Conclusions

Although all the genes in the chromosome 6 candidate gene were sequenced no mutations were discovered. This implies that there may be more genes in this region that have yet to be identified, although analysis of the human mRNAs expressed here reveals only a few other aligned mRNA sequences that did not correspond to the known genes. The mutational analysis we performed was PCR-based and this method could have failed to detect any genomic deletions that could cause hap-loinsufficiency or larger in-frame and potentially dominant-acting deletions. Obtaining skin biopsy samples from patients and quantifying the expression of these genes by quantitative RT-PCR to accurately measure expression of alleles could overcome this problem. Seemingly benign missense mutations and polymorphisms should also not be overlooked. These types of changes have recently been discovered to affect splicing and have been shown to cause breast cancer and cystic fibrosis [39, 46].

The candidate region on chromosome 19 covered a large area, 16.8 Mb of genomic sequence. There were relatively few genes in comparison to the size of the region and the fact that chromosome 19 is one of the most gene-rich chromosomes [58]. The candidate region links over the centromere and the regions immediately adjacent to the centromere are not predicted to contain many genes. The linked region, defined by markers D19S911 and D19S1170, was rich in ZNF genes and chromosome 19 has the highest repeat density [58]. The majority of the ZNF proteins are highly expressed in T lymphoid cells, B-cells and monocytic and erythroid cells. Although the functions of most are unknown, as a whole, ZNF proteins are thought to be involved in development. ZNF91 has been shown to function as a repressor of an IgG receptor and therefore has an influence on the immune response as do some of the other candidate genes studied, such as TIZ. No mutation was found in any of the candidate genes analysed but there are a number of genes still to be sequenced. In addition to the known genes, mRNA alignment and gene predictions reveal that there may still be some genes that are as yet unidentified.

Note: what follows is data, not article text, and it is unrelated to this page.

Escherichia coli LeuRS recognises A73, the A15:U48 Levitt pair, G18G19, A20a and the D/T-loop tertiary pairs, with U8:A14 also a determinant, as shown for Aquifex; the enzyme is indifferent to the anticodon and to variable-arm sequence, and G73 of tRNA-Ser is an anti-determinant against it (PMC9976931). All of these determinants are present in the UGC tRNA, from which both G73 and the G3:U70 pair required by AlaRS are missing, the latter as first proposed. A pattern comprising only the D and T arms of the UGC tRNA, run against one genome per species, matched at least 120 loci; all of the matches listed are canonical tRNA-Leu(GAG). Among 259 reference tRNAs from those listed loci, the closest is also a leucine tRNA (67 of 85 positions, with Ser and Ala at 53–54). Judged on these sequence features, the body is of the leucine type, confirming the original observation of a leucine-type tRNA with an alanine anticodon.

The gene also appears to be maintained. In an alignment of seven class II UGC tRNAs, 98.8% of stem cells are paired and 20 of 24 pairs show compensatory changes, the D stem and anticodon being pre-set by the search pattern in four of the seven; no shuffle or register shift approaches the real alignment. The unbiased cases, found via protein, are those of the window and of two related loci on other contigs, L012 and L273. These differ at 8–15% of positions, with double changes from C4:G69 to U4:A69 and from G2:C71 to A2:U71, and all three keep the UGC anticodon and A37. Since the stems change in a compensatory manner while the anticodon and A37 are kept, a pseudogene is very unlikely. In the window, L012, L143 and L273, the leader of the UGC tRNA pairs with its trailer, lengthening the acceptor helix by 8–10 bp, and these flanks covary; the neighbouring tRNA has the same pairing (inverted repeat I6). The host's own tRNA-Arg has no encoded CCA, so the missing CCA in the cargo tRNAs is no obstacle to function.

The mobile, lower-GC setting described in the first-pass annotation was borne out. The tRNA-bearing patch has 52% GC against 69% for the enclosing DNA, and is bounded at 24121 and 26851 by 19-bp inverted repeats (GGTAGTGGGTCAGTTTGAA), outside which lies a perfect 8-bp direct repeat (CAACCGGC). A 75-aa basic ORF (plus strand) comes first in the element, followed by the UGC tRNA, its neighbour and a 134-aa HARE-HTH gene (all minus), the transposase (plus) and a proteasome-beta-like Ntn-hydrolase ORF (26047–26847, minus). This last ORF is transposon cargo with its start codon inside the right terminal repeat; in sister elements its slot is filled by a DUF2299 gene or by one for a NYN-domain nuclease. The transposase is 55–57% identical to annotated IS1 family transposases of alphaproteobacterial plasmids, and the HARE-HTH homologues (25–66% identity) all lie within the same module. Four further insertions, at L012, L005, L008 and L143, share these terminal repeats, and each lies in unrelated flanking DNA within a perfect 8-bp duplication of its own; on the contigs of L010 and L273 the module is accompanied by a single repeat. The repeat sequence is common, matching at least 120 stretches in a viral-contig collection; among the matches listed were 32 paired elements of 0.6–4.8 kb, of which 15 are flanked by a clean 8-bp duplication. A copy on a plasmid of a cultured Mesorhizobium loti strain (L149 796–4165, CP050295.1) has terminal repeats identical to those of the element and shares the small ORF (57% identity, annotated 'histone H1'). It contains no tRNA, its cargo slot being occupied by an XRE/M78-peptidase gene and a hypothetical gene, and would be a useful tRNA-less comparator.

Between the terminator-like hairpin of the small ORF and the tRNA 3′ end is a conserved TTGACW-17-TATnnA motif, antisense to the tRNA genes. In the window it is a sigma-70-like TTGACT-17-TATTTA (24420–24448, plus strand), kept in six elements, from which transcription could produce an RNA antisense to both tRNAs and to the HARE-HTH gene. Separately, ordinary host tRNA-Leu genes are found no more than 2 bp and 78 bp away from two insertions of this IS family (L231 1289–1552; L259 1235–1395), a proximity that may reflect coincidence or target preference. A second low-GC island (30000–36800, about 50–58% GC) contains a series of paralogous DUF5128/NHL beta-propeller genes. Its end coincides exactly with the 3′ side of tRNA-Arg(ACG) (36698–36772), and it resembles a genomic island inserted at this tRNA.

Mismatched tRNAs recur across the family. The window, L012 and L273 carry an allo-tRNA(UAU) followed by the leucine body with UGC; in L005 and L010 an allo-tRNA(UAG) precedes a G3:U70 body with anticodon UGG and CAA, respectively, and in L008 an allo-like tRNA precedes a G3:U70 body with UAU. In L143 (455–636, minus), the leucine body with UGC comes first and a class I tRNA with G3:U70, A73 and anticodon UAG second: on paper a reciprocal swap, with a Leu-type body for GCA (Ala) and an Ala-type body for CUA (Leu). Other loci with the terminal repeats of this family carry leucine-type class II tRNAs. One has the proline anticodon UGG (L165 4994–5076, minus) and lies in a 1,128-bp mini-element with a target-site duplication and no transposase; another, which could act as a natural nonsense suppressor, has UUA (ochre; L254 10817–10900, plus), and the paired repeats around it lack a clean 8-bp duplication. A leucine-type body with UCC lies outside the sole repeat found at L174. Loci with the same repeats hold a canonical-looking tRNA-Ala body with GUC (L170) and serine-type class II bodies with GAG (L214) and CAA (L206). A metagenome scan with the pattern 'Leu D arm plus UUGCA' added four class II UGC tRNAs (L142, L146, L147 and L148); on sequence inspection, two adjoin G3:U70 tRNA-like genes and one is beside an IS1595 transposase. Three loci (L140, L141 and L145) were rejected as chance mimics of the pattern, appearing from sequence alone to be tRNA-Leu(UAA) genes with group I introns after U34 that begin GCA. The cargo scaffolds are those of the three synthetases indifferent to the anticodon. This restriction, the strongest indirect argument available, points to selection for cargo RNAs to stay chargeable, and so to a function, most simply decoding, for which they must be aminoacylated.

In conclusion, the first two candidate genetic loci for HS have been identified and this will form the basis of future genetic studies, using other families with clearly defined dominant inheritance, to narrow down these loci and identify the causative genetic lesions. Importantly, a number of other families do not link to either locus. These families were too small to perform genome-wide linkage analysis but it demonstrates that HS is indeed a genetically heterogeneous disease with potentially three or more genes involved in its molecular pathogenesis. The eventual identification of these causative genes will undoubtedly be of benefit in understanding the pathomechanisms of HS and form the basis for a rational design of new therapeutic strategies.

How To Reduce Acne Scarring

How To Reduce Acne Scarring

Acne is a name that is famous in its own right, but for all of the wrong reasons. Most teenagers know, and dread, the very word, as it so prevalently wrecks havoc on their faces throughout their adolescent years.

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